LightingOn Set

Multi-Colored Gels with Rear Curtain Sync – How I Got The Shot

I met actor Richard Louis Ulrich last year, while I was working as the set photographer for a local film production. With actress Ashley Bauman, Richard was part of a villainous duo who gave the film’s protagonist no end of trouble, and their chemistry and face-pulling antics on set made my shots a lot more fun. I knew Richard would be great to work with for some more experimental shots, so in January I booked him into the studio for a session.

Richard (far left) on the set of Cruiser. Check out that face action. ©2017 Ooh St. Lou Studios
Richard and Ashley on set, Cruiser. ©2017 Ooh St. Lou Studios

I was interested in playing with gels and with some rear curtain sync action, and getting not only vibrant color, but also motion in the images. These kind of shots take quite a bit of tinkering to work out, and Richard was fantastically patient and enthusiastic about the process, which made my job a lot easier.

We started with just gels, playing with some blue and purple tones. This is a three-light setup—all Flashpoint XPLOR600 strobes unless noted. One strobe was set behind the subject on either side, gelled with barn doors on the strobes to prevent any flare back into the camera. Above the subject and slightly to camera right I had a gridded 22″ beauty dish as the key light. The gridded beauty dish left lots of great, deep shadows on the sides of the face to show the colors of the gels, and kept any light from spilling onto the backdrop.

 

Once I had the lighting down for the still shots, I changed the gel colors to a slightly more demonic red/green mix, and, using my Flashpoint R2 pro trigger, set the strobes to fire with rear curtain sync. (Rear curtain sync allows for motion blur in camera by exposing using both the ambient light in the room and strobes. It can create some amazing shots, but it’s tricky to master.)

I love how the final shot has an almost Jekyll & Hyde vibe, and it also hearkens back to the classic tragedy/comedy masks which represent theater — fitting for Richard!

(Note: For these shots, the modeling lights in the strobes were kept on, which is what allowed for the colored motion blur. The room was otherwise blacked out to control for other ambient light .)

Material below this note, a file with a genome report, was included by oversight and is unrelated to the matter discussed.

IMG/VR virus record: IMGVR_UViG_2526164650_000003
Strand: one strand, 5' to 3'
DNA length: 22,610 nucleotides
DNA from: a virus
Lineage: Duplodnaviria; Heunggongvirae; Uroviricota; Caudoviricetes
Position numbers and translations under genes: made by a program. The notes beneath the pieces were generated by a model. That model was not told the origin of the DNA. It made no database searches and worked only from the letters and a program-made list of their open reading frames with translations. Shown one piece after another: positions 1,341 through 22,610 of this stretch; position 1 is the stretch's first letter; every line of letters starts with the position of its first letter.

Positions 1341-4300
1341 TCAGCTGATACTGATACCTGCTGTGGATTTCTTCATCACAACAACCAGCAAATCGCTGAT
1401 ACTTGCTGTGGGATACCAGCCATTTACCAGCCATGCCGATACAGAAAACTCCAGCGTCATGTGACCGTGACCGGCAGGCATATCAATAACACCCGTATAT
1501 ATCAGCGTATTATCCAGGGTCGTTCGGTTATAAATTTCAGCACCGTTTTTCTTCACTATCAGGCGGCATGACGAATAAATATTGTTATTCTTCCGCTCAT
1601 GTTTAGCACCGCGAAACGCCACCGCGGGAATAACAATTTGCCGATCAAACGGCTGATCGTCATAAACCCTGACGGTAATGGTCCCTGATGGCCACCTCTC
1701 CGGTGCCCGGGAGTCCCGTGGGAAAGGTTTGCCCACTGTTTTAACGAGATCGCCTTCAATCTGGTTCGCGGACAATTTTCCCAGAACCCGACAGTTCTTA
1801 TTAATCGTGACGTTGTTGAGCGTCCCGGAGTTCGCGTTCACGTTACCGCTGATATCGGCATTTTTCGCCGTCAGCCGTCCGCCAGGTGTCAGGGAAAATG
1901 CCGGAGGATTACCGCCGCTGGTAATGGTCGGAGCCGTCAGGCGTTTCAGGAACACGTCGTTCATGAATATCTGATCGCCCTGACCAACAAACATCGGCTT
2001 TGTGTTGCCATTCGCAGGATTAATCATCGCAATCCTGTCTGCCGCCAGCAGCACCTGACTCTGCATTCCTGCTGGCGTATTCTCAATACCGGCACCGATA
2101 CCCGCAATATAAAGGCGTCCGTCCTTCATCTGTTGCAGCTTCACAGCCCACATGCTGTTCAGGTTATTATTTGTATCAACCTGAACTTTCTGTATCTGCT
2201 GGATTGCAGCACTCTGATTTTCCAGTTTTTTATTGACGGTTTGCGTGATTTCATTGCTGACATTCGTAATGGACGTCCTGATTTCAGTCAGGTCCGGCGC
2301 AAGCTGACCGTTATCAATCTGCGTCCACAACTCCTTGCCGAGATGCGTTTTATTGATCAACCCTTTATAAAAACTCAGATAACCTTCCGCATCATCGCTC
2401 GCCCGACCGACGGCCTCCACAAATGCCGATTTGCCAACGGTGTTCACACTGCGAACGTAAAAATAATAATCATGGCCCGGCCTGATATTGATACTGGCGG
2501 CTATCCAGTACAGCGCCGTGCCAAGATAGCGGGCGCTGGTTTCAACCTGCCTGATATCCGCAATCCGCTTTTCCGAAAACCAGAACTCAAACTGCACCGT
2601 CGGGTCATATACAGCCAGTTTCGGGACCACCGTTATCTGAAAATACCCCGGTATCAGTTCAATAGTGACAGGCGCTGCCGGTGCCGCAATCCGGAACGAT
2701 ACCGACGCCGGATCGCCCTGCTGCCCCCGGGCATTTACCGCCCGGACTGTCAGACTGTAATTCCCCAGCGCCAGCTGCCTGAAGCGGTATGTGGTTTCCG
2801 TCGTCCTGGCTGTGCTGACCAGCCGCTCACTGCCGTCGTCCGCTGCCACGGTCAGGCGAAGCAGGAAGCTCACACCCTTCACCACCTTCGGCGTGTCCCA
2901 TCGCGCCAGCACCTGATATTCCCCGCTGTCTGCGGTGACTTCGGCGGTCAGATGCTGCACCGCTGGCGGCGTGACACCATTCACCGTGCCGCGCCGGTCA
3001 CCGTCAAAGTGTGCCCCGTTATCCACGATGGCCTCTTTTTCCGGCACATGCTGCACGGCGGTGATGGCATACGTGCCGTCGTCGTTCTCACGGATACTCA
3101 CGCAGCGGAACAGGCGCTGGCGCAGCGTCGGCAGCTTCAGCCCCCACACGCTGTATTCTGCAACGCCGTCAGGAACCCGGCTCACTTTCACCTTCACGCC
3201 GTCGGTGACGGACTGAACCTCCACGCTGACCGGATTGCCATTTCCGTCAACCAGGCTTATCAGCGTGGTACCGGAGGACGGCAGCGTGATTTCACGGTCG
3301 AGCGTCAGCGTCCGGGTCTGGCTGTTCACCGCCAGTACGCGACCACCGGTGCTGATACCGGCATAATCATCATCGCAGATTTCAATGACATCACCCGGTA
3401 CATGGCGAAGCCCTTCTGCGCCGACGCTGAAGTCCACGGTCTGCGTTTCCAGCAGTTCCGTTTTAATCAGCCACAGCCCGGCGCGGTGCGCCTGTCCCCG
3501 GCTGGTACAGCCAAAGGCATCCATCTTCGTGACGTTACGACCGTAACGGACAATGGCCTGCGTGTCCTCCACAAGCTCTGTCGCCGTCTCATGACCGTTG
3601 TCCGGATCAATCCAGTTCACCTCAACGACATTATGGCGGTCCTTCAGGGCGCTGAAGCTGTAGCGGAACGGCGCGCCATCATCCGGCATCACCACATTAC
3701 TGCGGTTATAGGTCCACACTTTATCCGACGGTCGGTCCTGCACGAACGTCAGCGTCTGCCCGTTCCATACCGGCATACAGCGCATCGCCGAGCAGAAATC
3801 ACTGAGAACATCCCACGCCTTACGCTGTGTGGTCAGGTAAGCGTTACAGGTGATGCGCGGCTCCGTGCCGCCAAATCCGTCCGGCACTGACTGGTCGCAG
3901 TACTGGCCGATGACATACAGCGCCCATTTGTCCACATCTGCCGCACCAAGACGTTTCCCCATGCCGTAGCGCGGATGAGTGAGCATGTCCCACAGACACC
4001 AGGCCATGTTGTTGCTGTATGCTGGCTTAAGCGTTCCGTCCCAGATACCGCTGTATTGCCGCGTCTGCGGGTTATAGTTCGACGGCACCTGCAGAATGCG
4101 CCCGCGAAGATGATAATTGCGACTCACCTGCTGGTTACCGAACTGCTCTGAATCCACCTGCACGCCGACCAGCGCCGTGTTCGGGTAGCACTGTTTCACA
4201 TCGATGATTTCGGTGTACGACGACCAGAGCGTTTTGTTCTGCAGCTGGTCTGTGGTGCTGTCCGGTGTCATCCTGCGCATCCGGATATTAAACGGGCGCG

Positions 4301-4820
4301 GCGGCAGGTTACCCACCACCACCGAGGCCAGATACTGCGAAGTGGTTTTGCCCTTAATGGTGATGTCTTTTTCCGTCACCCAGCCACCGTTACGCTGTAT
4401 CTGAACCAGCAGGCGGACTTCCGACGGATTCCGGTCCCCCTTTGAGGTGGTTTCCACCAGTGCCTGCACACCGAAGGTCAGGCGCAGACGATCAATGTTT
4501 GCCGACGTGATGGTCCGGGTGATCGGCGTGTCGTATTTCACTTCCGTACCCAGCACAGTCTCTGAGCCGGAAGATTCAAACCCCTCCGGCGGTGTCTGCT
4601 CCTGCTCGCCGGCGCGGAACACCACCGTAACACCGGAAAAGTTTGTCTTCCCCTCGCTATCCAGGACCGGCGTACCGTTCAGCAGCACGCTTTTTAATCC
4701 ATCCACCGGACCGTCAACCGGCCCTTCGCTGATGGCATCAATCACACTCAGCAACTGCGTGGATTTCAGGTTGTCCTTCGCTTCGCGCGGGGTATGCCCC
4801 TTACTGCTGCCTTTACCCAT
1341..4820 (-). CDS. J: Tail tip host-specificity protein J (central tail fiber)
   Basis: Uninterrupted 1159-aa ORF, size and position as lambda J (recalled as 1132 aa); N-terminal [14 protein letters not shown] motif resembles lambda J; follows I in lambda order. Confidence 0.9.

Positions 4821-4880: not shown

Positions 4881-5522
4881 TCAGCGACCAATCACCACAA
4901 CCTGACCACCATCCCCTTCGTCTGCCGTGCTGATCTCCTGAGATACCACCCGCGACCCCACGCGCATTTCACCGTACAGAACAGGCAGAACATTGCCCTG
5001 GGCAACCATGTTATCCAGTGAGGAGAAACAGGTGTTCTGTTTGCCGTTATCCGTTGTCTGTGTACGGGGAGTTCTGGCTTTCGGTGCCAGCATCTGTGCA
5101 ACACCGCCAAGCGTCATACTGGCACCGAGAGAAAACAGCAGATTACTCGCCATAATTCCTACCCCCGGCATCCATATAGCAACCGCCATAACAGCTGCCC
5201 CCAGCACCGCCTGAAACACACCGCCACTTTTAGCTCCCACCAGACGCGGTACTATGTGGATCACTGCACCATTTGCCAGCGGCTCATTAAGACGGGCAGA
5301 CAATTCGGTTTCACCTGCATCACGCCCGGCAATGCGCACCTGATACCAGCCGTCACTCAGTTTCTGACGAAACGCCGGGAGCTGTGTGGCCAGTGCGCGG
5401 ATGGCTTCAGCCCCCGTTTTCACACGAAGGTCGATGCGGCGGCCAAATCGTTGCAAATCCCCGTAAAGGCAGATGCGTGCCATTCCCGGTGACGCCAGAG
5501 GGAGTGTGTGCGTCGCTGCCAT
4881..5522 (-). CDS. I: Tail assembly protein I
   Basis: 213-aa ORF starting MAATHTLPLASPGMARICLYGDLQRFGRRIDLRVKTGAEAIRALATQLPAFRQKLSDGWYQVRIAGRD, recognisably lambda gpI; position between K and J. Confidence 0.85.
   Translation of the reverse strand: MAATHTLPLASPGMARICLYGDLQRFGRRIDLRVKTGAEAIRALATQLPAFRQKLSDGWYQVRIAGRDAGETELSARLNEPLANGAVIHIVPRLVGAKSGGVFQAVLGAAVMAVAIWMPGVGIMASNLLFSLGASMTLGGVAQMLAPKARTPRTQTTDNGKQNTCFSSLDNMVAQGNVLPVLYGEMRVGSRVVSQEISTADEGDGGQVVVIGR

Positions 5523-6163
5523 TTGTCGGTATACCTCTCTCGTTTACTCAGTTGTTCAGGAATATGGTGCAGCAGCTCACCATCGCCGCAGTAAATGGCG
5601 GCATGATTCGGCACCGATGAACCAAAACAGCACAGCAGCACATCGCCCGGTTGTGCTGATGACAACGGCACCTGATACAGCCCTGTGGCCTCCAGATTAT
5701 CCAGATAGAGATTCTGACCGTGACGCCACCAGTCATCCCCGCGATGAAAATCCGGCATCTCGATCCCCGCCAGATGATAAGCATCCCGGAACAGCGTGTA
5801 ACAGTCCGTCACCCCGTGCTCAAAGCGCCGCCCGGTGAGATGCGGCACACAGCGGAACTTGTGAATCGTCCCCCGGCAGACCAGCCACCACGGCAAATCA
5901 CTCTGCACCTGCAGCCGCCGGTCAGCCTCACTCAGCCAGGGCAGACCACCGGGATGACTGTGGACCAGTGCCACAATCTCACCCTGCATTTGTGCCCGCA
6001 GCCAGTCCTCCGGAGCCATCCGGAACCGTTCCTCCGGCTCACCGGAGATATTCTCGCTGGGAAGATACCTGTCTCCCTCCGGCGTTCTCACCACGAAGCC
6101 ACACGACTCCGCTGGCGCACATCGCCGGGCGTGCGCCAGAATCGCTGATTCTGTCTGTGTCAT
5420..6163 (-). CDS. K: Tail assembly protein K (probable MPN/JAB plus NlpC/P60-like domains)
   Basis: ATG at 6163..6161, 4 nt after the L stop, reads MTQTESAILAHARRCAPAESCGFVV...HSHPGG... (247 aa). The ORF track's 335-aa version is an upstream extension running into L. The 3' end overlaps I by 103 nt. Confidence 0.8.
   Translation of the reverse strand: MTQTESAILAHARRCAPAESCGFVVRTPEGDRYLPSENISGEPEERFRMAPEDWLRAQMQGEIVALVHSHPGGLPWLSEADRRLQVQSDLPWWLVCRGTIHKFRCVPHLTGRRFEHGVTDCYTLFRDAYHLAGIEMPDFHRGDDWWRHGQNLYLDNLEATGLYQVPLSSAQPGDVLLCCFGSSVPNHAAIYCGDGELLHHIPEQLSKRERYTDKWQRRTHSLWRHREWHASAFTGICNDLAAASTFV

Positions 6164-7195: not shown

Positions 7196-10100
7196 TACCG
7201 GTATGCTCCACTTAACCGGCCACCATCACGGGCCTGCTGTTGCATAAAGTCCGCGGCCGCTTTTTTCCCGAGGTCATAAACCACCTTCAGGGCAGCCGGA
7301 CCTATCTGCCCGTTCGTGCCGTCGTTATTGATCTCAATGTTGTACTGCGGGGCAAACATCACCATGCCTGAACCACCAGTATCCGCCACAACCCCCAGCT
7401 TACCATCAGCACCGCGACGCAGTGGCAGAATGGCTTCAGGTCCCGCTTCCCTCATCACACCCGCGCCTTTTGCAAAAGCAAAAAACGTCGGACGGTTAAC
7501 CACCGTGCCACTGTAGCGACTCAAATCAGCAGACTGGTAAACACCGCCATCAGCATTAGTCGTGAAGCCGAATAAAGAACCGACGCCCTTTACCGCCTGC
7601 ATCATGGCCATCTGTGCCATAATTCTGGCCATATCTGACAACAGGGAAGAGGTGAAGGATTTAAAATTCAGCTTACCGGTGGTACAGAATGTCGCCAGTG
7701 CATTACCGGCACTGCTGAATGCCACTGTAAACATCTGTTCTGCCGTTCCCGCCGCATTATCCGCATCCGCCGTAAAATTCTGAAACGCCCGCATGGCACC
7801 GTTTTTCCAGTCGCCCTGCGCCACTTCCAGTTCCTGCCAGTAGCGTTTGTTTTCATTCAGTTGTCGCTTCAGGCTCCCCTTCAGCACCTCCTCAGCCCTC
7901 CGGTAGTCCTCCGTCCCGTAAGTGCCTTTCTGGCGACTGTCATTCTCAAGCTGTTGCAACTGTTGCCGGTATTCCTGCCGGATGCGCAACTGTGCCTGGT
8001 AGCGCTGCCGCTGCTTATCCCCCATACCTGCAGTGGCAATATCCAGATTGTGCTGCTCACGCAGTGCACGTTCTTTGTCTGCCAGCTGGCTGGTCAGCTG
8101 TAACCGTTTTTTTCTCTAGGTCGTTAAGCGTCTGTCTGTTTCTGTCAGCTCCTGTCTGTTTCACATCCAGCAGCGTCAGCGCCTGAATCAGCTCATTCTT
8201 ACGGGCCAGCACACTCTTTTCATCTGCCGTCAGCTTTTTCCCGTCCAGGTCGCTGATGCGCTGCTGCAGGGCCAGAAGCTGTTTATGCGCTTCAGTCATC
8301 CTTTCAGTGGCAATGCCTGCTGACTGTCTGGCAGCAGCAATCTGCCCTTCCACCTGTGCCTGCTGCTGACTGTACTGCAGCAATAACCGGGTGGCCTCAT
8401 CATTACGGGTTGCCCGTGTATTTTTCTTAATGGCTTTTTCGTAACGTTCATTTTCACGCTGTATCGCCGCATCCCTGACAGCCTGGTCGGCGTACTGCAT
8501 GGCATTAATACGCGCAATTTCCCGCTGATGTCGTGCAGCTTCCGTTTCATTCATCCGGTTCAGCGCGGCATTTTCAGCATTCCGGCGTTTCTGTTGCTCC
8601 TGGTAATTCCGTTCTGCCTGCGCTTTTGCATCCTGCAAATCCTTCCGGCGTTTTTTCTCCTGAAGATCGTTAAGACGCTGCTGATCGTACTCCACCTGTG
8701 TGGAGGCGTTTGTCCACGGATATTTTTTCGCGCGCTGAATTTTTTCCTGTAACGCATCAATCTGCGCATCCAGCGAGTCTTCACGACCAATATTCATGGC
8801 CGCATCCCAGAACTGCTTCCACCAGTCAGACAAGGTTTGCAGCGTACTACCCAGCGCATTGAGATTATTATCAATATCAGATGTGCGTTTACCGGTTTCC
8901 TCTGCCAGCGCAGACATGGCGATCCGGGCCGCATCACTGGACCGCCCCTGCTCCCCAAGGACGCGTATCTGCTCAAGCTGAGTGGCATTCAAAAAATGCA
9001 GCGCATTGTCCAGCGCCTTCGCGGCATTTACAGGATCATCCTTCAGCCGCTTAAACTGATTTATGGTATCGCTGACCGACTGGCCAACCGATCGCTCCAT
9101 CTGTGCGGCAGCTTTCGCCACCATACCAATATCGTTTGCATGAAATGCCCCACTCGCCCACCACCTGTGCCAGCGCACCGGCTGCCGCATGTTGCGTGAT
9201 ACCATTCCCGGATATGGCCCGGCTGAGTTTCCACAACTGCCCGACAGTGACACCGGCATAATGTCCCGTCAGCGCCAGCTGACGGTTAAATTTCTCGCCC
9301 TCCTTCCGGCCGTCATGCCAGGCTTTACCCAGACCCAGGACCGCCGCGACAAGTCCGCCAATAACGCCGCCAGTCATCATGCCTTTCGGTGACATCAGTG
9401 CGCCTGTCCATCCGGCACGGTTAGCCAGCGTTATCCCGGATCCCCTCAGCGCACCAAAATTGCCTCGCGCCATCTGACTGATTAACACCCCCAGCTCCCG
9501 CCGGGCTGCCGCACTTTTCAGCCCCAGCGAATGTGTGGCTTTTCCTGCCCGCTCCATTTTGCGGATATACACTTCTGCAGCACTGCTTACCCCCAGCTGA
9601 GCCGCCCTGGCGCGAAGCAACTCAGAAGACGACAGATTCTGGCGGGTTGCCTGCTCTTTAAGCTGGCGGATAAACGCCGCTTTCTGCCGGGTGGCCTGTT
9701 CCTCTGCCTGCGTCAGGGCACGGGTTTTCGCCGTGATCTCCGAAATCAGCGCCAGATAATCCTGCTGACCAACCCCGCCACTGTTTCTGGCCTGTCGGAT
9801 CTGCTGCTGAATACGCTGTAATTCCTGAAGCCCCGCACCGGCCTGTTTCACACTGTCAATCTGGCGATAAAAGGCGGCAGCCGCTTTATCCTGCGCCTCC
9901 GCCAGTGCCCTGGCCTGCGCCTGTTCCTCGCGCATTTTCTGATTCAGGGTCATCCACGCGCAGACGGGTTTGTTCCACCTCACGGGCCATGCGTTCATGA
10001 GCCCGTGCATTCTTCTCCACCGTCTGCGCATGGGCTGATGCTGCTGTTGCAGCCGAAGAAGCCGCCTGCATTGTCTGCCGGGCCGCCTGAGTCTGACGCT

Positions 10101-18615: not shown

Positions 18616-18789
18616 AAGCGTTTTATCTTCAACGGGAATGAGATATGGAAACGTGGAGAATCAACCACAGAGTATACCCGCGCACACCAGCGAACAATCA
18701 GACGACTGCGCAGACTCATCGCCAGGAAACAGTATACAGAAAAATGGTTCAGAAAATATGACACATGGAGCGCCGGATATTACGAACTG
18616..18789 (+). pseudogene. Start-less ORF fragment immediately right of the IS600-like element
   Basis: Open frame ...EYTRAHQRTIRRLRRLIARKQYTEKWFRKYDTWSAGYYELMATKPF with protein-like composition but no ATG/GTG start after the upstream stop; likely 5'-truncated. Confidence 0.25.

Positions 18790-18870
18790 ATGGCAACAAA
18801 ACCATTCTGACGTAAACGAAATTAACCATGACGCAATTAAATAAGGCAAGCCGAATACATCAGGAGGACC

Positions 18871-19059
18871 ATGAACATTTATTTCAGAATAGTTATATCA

This shot required some experimentation to get the motion and expressions just right, and Richard was awesome to work with. This final shot was a 3.2 second exposure in which Richard started facing the camera. When he heard the shutter click he moved his head to his left, froze, moved his head to the right, froze, and then moved his head back to the center for the final strobe flash. He did all this while keeping his shoulders as still as possible in order to minimize motion blur. He did an amazing job!

The order of the movements was particularly important, because the final strobe flash is what locks in the main exposure. We did a few moving from right to left, and ended up with an ear in the middle of Richard’s face for our troubles. See this failed experimental shot below:

So the key to doing this successfully is to END on the movement you want frozen “in front” of the exposure. Any motion blur will be “behind” whatever is happening when the strobe fires. (If that doesn’t make sense let me know, and I will try to explain more in the comments.)

I am not listing the camera and lenses for this shot, because that doesn’t matter. What matters is the timing, the ability to use rear curtain sync with your camera/flashes/strobes, and patience. I also really recommend shooting tethered, because it will help you see what you’re getting much more clearly. Tethering to a larger screen really helped me see that some shots that looked great on the back of the camera still had issues that needed some work.

Hope this was interesting and informative! Let me know if you have any questions and I will answer them as best I can!

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